If you need to order a new passport, do it asap. From within the UK renewing your passport might only take 5 weeks, but the passport office can get busy before the school holidays and you must allow time to get a valid passport picture and all your documents together.
6. Permission from the other parent
Whether you are married, divorced, or widowed, if you are travelling abroad solo with your child/ren, you need to ensure you can prove that you are allowed to do so. This is a sensible and necessary measure to protect children from being taken from their parent/s against their will. Both airlines and border control can ask you to produce a document to prove that you have permission to take your child abroad. This may be a birth certificate to show you are the parent and/or the consent of anyone else with parental responsibility. If the other parent is no longer around, a death certificate or a court order made is usually accepted as a replacement.
7. Get travel insurance
We regularly see parents leaving this to the last minute. This is fine only as long as no unforeseen circumstances arise that might result in having to cancel or change your holiday booking. Our advice is to arrange travel cover as soon as you have made a commitment, i.e., booked your flight or put your deposit for your holiday down. Chances are that you or another family member fall sick putting your travel plans in jeopardy.
Another misconception is that travel insurance is not needed. Whilst your EHIC or GHIC card covers you for medical emergencies in many EU countries, it will not cover you for appointments for existing medical issues, theft, flight cancellations, mountain rescue, special assistance to get you home, etc. So, if you want to put your mind at rest, book private travel insurance and do so as soon as you have booked your single parent holiday. If you travel abroad more than once a year, an annual policy will save you money and hassle.
Now, you have booked your flights and accommodation and made sure your travel documents are sorted, it’s time to sit back and start looking forward to a stress-free holiday. Use the time to read up on your destination, buy a travel guide, and find out what there is to do locally, but don’t stress – you have plenty of time until your holiday! Enjoy the excitement and anticipation of your children as you read and talk about all the adventures you are going to have.
9. Make a Holiday Packing list
Everyone is different, but for me personally a list is what keeps my stress levels down. When you travel with children, there is always the worry that you will forget something important. That could be armbands, their favourite cuddly toy, or the night light without which your little ones won’t sleep. Not every item can be easily purchased and replaced when you arrive at your destination, and who wants to go shopping with their kids in tow on day 1 of their holiday?
The key is to start your list early and add to it as you think of things. Try one of the many free holiday packing list apps on the market as you are bound to lose any paper lists throughout the year. This also means you can use the list for future holidays, so you only have to update it next time. You can also consult a packing list for single parents to get you started. The key is not to leave it to the last minute, so that you can buy any items you don’t have, including clothes or footwear your kids have grown out of. If you want to make things easy for yourself, when it’s time to pack, make two lists: one with all the items you need to carry in your hand luggage and one with items that must go in your suitcase.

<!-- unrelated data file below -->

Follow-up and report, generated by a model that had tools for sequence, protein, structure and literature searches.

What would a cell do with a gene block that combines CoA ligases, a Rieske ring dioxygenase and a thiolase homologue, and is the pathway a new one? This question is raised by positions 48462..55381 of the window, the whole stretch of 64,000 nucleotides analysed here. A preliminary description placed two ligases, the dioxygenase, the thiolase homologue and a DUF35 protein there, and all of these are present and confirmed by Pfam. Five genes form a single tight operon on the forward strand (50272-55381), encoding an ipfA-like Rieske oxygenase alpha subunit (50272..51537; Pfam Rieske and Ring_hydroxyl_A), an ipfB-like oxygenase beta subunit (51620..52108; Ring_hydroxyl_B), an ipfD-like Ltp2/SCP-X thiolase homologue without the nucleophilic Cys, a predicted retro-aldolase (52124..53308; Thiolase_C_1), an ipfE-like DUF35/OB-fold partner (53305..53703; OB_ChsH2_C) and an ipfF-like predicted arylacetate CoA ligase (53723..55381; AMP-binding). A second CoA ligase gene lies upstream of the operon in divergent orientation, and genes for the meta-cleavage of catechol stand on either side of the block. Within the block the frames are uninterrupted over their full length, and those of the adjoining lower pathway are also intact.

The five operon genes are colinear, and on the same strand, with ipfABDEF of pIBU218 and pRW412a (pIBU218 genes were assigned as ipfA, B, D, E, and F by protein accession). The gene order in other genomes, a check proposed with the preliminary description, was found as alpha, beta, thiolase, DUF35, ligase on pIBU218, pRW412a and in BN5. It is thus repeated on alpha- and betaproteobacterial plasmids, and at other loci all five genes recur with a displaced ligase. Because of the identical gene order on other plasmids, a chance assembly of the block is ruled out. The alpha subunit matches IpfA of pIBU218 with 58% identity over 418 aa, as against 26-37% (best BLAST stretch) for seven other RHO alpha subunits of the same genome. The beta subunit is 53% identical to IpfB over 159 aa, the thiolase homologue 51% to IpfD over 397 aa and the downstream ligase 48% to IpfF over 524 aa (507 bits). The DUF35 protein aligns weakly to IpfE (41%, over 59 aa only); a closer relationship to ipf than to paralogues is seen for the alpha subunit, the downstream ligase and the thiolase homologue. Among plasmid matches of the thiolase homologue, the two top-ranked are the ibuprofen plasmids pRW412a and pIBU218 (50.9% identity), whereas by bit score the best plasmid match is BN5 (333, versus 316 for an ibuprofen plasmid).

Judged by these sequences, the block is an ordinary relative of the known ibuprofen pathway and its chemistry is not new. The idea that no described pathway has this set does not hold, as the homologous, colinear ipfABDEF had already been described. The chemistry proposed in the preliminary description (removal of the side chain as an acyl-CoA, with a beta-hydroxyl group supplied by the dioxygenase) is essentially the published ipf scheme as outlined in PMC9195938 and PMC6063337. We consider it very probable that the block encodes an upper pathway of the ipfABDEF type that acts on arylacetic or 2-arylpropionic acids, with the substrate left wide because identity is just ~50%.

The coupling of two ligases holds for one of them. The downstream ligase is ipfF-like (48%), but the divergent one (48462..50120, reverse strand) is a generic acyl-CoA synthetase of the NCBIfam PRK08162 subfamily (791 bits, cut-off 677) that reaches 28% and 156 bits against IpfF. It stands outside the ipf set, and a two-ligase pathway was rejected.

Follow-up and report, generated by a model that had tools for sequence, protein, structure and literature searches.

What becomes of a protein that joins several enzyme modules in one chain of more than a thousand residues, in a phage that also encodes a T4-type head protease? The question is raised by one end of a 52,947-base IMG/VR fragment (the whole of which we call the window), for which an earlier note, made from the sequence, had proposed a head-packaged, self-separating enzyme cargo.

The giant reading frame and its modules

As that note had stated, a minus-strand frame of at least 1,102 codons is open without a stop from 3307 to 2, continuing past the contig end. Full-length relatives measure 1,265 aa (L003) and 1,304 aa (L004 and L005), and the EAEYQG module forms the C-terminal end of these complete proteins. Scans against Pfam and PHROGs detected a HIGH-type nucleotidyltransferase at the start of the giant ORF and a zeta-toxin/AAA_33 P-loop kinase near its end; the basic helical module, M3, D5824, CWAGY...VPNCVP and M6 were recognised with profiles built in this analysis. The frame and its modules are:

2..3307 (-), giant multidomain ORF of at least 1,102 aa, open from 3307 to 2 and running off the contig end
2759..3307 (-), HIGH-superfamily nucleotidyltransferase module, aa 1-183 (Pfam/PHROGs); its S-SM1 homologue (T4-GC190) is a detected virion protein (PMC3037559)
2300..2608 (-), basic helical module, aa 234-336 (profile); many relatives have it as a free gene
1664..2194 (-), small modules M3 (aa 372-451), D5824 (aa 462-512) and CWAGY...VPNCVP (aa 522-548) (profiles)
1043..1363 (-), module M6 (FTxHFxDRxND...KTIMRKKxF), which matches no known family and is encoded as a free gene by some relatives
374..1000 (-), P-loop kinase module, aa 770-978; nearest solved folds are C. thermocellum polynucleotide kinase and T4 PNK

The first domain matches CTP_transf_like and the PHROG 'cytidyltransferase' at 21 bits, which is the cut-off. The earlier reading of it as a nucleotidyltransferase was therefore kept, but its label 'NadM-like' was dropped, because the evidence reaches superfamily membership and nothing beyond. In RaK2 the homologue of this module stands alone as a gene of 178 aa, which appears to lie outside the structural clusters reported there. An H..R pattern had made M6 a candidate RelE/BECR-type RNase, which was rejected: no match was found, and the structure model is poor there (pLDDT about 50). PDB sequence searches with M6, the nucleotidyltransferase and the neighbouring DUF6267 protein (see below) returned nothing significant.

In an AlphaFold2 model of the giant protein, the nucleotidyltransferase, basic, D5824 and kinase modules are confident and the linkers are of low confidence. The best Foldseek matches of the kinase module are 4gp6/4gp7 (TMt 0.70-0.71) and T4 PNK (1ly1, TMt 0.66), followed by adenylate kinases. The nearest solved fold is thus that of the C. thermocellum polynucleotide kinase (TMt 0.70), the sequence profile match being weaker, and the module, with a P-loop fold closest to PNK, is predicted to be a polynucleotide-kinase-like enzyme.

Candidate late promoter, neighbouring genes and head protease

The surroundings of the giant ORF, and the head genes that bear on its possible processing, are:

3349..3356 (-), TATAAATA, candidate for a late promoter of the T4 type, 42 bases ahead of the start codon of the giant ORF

10. Enjoy the journey
Most parents dread the car journey or flight to their destination. What if your little ones get bored, cry, are hungry, or need the toilet at an inopportune time? Don’t worry, there is a travel solution for everything, and it doesn’t have to cost money. The key is to pack everyone’s hand luggage wisely, not forgetting your own comfort! If your neck or back get uncomfortable, try wearing a travel pillow, or if you have trouble sleeping, purchase a sleep mask or headphones.
When you are travelling with kids of all ages, it is always important to pack plenty of drinks, snacks, and travel toys that will keep the kids occupied. If you don’t want to spend money on new toys, you could make up your own travel activity sets, including crayons, colouring sheets, Lego, and other little surprises. There are some great DIY ideas on Pinterest for this. Don’t forget your own comfort.
Depending on the ages of your children, it is also wise to include a travel potty, wet wipes, sick bags, and/or plastic bags (for any wet or soiled clothes), as well as a couple of sets of spare clothes. Did you know that there are quite effective over the counter travel sickness tablets for kids on the market? If your children suffer from motion sickness, we strongly recommend bringing medication for the journey, whether you are travelling by plane, car or both.
Last but not least…
Whether you are organised by nature or the spontaneous type, once you have kids, a little planning ahead is necessary and goes a long way to ensuring a relaxing and successful holiday. There is still plenty of room to be spontaneous once you are on holiday. Hopefully our top 10 tips to have a stress-free holiday will help you embrace the challenge of booking a solo holiday with kids. So, keep calm and travel on !